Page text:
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Birding continued to be exciting this week. Pelagic (oceanic) birds have again been consistent and autumn migrants are now more regularly seen.


Greater shearwaters continue to be seen regularly. In most instances they are seen as singles, pairs or triplets, though much larger aggregations are still being spotted. One particularly large group of approximately 70 to 80 greaters was seen on 9 October. I spotted one Manx shearwater in the group as were several northern fulmars.


This has again been a great week for watching jaegers. As was the case last week,

many have been parasitics but there are also some pomarines. On 11 October, we watched two groups of eight and seven jaegers between Wood End and Race Point. Many of these are in beautiful adult plumage. This week there are more steady sightings of jaegers outside Race Point as well. As always, look for their behavior of pirating of sand lance from terns which the jaegers will do as singles and other times in bands of two to four attackers. Sometimes the attacks are successful but many times they are not.


Ducks and geese are also on being observed as they move through the area. Sightings of white-winged scoter flocks of 10 to 20 birds are to be had on most trips. On October seventh a steady 15 knot wind pushed waves and clouds ahead. The clouds were grey and thick and the curtain ended abruptly to be replaced by clear blue sky. High overhead I saw my first chevron of Canada geese. While some flocks will settle down on the lower Cape for a respite other flocks – this flock included – fly by VERY HIGH overhead. This particular chevron had approximately 50 individuals. 


Northern fulmars are still inshore in numbers of 15 to 25 per trip. This is likely the result of prevailing easterly winds. We’ve had a lot of easterly wind this summer and autumn and this week has been no exception. The fulmars are still more numerous and consistent than I’ve seen in 25 years. Be careful though when counting fulmars. If you watch carefully you will notice that they routinely make large circles of over one hundred yards in diameter only to soar back past the boat two minutes later while easily being thought of as a different individual. If you follow them though you’ll see that the same individual will fly off into the distance and then return from around the other side of the boat as it soars just above the passing swells.


This week common loons are more regularly seen as singles and pairs as they migrate south for their winter. Some will spend the winter locally while others will likely continue southward.


Northern gannets are increasing in number as well. Immatures have been arriving over these past couple of weeks and continue to do so. Adults with their brilliant white body and deep black wing tips are now also seen between Wood End and Race Point. All are wheeling about overhead in search of food to plunge dive toward.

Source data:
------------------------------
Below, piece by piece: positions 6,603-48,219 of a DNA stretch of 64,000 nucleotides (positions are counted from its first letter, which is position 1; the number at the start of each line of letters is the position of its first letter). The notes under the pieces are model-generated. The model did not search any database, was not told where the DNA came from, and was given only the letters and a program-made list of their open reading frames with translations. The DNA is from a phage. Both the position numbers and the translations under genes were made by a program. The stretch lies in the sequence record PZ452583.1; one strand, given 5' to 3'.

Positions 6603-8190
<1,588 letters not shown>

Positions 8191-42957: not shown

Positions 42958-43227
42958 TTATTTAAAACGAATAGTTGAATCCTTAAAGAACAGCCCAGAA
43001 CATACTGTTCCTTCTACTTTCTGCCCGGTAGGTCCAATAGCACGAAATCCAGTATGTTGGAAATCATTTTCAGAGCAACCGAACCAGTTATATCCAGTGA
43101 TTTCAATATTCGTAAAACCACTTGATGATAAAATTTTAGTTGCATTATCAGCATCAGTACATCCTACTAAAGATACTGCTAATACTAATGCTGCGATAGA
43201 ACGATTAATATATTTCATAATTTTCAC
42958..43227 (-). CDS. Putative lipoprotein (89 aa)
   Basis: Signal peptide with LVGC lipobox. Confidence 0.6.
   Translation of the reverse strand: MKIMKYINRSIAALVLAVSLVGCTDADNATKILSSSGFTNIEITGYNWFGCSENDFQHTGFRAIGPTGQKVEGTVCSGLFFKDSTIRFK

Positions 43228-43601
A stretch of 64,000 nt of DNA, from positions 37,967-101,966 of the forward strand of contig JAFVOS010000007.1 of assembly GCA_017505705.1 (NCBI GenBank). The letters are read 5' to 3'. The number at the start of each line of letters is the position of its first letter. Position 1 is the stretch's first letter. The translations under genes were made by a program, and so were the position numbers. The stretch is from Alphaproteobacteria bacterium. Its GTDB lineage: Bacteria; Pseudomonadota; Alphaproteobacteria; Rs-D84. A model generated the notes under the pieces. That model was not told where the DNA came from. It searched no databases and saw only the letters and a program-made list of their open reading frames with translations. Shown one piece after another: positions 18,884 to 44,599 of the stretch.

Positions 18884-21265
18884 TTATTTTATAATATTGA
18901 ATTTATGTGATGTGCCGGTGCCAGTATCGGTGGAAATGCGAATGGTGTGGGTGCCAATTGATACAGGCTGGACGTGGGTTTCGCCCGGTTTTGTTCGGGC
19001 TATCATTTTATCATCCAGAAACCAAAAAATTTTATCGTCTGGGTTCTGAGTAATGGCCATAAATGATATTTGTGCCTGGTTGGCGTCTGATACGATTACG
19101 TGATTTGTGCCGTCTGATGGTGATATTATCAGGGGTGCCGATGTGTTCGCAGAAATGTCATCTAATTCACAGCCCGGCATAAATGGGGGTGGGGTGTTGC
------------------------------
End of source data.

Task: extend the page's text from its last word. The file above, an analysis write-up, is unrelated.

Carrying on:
While travelling along the beaches it is also good to look for the ever increasing numbers of black-legged kitiwakes. They are a mainly pelagic gull that will spend its winters off the northeastern United States and southeastern Canada where they are not only visable from pelagic birding trips but also from shore. The juveniles are easily recognizable with the boomerang shaped black pattern on the foreward edge of the wings.


On the sixth of October we had a dark-eyed junco circling the boat for about fifteen minutes. And on the eighth of October we had a brown creeper spend about 45 minutes with us on the return trip from the triangle area northeast of Race Point. These are particularly interesting offshore sightings because these are two species of bird that one would normally not see offshore. They are land birds and when they are blown offshore or even follow boats offshore they can then tire but they have no place to perch. Land birds compared to pelagic birds typically have less well developed oil glands with which to preen and waterproof their feathers. Consequently if land birds hit the water the wings can quickly become waterlogged and the birds drown. The junco was a quick visitor. The creeper by contrast clutched to my pant leg for about ten minutes. Then it flew off, did a loop around the boat, and spent another 15 minutes on the pant leg of a passenger on the top deck. When we were closer to Peaked Hill the creeper flew off in the direction of the dunes.